Brandon Armitage started his career 19 years ago in New Zealand. where he studied Viticulture in Central Otago and started getting his hands dirty working on helping to establish new vineyards and working in existing ones. While completing his technical degree in Viticulture he was volunteering all of his free time to winemaking. Working for Carrick Wines in New Zealand a love for Pinot Noir was born. After years of traveling back and forth from northern hemisphere, Colorado/Oregon/California, to southern hemisphere New Zealand making wine, he was able to develop the skills needed to grow and nurture grapes into the best Pinot Noir the Santa Cruz Mountains has to offer!

Brandon Armitage is the winemaker and President of Armitage Wines and is now taking over the general management of the Bassfields Heart O the Mountain operation for whom he has been making wine for for a number of years! The Brassfields have built a reputation based on family, exceptional quality and a passion for making stellar wines from one of the most magical places within the Santa Cruz Mountain AVA, known as the old Alfred Hitchcock estate, Mt. Roberta and Heart O' The Mountain.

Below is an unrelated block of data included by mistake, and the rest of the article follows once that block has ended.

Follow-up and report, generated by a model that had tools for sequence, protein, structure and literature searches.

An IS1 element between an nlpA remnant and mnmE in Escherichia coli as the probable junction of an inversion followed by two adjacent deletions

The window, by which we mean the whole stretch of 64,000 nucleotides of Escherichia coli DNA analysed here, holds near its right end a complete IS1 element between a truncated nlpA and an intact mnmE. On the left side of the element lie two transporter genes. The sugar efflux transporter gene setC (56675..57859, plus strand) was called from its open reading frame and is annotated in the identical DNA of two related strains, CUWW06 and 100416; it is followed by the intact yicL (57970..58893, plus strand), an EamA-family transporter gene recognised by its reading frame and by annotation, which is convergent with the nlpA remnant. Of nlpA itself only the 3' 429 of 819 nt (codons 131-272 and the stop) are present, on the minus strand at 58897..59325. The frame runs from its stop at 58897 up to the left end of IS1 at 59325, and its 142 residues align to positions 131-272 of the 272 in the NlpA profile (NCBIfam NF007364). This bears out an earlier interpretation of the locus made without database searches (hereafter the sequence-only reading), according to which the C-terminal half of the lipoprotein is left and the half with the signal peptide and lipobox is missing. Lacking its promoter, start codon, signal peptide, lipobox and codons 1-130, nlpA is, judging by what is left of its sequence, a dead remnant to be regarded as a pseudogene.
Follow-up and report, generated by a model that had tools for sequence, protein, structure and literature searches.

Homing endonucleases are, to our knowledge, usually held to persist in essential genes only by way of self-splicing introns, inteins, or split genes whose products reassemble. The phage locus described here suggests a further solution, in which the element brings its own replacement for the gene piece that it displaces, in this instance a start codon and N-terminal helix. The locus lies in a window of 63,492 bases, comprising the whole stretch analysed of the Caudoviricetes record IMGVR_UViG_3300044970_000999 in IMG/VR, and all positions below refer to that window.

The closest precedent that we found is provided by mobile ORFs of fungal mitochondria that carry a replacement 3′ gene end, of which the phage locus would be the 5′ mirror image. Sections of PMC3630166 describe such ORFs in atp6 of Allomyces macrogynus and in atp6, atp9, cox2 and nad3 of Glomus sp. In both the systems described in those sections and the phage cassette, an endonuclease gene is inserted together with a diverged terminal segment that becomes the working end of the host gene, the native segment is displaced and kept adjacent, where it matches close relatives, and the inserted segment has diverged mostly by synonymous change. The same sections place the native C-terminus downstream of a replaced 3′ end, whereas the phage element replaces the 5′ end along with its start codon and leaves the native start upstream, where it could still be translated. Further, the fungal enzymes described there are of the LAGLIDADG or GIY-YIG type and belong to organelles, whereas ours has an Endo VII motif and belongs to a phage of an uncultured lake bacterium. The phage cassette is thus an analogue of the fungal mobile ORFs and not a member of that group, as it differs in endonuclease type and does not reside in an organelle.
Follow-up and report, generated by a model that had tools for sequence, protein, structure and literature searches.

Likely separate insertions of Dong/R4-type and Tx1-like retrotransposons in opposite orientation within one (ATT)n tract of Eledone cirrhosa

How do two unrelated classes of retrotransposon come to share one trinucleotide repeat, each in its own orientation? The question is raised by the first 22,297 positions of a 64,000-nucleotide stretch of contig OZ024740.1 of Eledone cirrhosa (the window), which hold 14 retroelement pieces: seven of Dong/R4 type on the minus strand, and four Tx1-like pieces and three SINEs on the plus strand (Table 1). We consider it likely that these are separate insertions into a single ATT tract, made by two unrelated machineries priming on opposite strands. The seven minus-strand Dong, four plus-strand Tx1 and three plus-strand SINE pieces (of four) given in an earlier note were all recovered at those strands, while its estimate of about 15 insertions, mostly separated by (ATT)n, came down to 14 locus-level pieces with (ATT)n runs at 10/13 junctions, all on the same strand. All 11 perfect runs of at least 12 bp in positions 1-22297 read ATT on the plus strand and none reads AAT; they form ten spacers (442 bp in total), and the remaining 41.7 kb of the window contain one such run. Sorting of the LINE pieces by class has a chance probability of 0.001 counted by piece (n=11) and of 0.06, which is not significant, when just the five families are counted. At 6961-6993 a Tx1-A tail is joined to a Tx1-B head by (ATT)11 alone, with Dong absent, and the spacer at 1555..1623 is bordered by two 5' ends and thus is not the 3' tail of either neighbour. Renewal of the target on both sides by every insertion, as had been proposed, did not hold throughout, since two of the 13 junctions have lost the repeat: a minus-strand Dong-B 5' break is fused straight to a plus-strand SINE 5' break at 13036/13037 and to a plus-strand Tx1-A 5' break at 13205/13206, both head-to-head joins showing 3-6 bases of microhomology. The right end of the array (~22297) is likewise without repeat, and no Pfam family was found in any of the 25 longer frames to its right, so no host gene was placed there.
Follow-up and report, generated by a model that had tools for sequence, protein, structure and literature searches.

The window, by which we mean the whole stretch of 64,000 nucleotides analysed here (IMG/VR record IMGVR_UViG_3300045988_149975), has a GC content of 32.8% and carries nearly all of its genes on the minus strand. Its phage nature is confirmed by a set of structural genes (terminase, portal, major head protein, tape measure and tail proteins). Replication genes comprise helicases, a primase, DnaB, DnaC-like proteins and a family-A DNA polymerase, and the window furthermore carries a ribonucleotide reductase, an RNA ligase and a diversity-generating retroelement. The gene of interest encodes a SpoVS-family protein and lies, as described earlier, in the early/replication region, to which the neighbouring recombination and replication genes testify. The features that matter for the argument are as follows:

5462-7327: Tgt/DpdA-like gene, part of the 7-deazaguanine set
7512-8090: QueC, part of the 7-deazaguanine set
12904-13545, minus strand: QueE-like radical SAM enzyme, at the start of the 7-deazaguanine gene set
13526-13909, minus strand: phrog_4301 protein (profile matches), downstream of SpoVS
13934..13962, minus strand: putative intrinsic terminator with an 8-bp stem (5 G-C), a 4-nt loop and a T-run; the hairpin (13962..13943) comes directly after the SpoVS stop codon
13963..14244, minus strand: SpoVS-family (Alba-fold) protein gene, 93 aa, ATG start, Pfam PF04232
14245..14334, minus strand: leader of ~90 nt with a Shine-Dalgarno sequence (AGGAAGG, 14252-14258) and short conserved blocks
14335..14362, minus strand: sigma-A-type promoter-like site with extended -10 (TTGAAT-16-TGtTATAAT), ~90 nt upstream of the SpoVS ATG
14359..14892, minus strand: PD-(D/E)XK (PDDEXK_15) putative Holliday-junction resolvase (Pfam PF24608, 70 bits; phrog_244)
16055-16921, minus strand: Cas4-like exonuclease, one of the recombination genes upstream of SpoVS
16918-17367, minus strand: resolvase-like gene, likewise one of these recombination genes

Heart O' The Mountain Vineyard was planted with specific clones, orientation and rootstock best suited for the terroir and micro climate of the estate. Five clones have been planted, 777, 828, 667, Pommard and most recently 115, offering different characteristics to be showcase the property and some to be crafted into the best Pinot from the area.
The Brassfields hard work and care evolved into a wine that was only available to people they connected with and who became club members. As members grew so did production and different styles of Pinot from the same vineyard thus creating the single clone series. While blending the clones together fills in the spaces, balancing tannin, sugars and acids providing a balanced wine experience, being able to try the different components of the single clones provides a better understanding of what goes into blending. Showing off single clone wines is part of what separates the estate from other wineries in the area.

Bob giving us some history in the English rose garden
As the winemaker-owner of Armitage Wines and taking over the responsibility of HOTM, Brandon has put a lot of thought into how he is going to balance the two labels and maintaining the exclusivity of the brand Heart O' The Mountain.  All Heart O' The Mountain Vineyard single clone wines will have the original Heart O' The Mountain label.